As outlined in an earlier post, in the coming weeks I will be dedicating an entry to each story in the new anthology Swords v Cthulhu, edited by Molly Tanzer and Jesse Bullington and published by Stone Skin Press. My reviewing method will be peppered with the cultural associations that each of these stories inspire. These will be presented with no excuse, apology or editorial justification.
The Argonaut by Carlos Orsi
In their introduction to the anthology, Tanzer and Bulllington described Brazilian author Carlos Orsi’s contribution as ‘Errol Flynn Goes To Hell’, and it’s a tantalizingly accurate description of what goes on in this ghoulish swashbuckler of a tale.
But the real hook of the story for me was the fact that this takes place on a Maltese vessel in what we can assume is roughly the Golden Age of piracy — and given that the Order of the Knight of St John had no qualms about sponsoring corsairs during their soujourn on the island, Orsi’s choice of setting and conceit is as apt as they come.
Nevertheless, the naval politics of the 17th century and their corresponding geo-historical context only matter up to a (sword) point in this fast-moving tale, whose key qualities lie in its cinematic scope and pace. Orsi conjures up some great images, but more importantly, he makes sure that things are constantly in motion. Stylistically, this is the polar opposite of Lovecraft, whose trembling paranoia inspires gloriously knotted prose that slowly but surely unravels a terrified but richly imaginative mind.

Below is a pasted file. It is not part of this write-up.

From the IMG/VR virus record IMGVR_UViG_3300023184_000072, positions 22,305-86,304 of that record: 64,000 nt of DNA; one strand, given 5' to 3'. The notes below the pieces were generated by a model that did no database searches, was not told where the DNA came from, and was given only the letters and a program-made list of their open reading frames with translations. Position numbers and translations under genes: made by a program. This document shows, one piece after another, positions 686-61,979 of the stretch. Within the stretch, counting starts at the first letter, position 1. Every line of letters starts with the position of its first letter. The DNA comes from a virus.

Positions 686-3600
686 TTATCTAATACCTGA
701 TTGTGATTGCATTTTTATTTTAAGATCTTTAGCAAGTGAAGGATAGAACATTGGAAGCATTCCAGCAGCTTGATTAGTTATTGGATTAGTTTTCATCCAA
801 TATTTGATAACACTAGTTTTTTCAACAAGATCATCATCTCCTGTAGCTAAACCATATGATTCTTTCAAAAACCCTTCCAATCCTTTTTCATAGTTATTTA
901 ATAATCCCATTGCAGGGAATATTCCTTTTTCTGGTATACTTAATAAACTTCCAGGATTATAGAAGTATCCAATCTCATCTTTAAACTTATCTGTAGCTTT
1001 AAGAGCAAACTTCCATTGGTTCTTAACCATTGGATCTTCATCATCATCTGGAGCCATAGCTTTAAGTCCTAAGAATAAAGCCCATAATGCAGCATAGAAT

One would be tempted to throw Pirates of the Caribbean as an easy reference point for this tale on an unfortunate seaman charged with rescuing the husband of a Christian virgin aboard the aformentioned Maltese ship — which is assailed by shoggoths (subordinate figures in Lovecraft’s bestiary). Davey Jones would be the obvious figure that comes to mind once the bewitched sailors turn monstrous.
But Orsi’s prose — down to its rapid-fire style — actually recalls a more significant forebear: the work of Tim Powers. After all, On Stranger Tides was not just yet another (and ultimately disappointing) installment in the Pirates of the Caribbean saga. It was actually the book that started it all: inspiring not just the theme park ride that in turn gave way to PoC film franchise, but also that other piece of piratical pop culture lore — the Monkey Island video game series.
And Orsi’s story, with its no-nonsense protagonist and equally no-nonsense approach to storytelling and style, channels Powers’s ability to grip the reader and keep them there. The supernatural is a by-the-by inconvenience here, but a real one nonetheless; much in the same way as Blackbeard’s meddling with the dark arts is a key obstacle for our protagonists in On Stranger Tides.
Whereas the other story in the anthology to channel pirates does so with added lyrical and surrealist gusto, Orsi’s tale provides some classic thrills.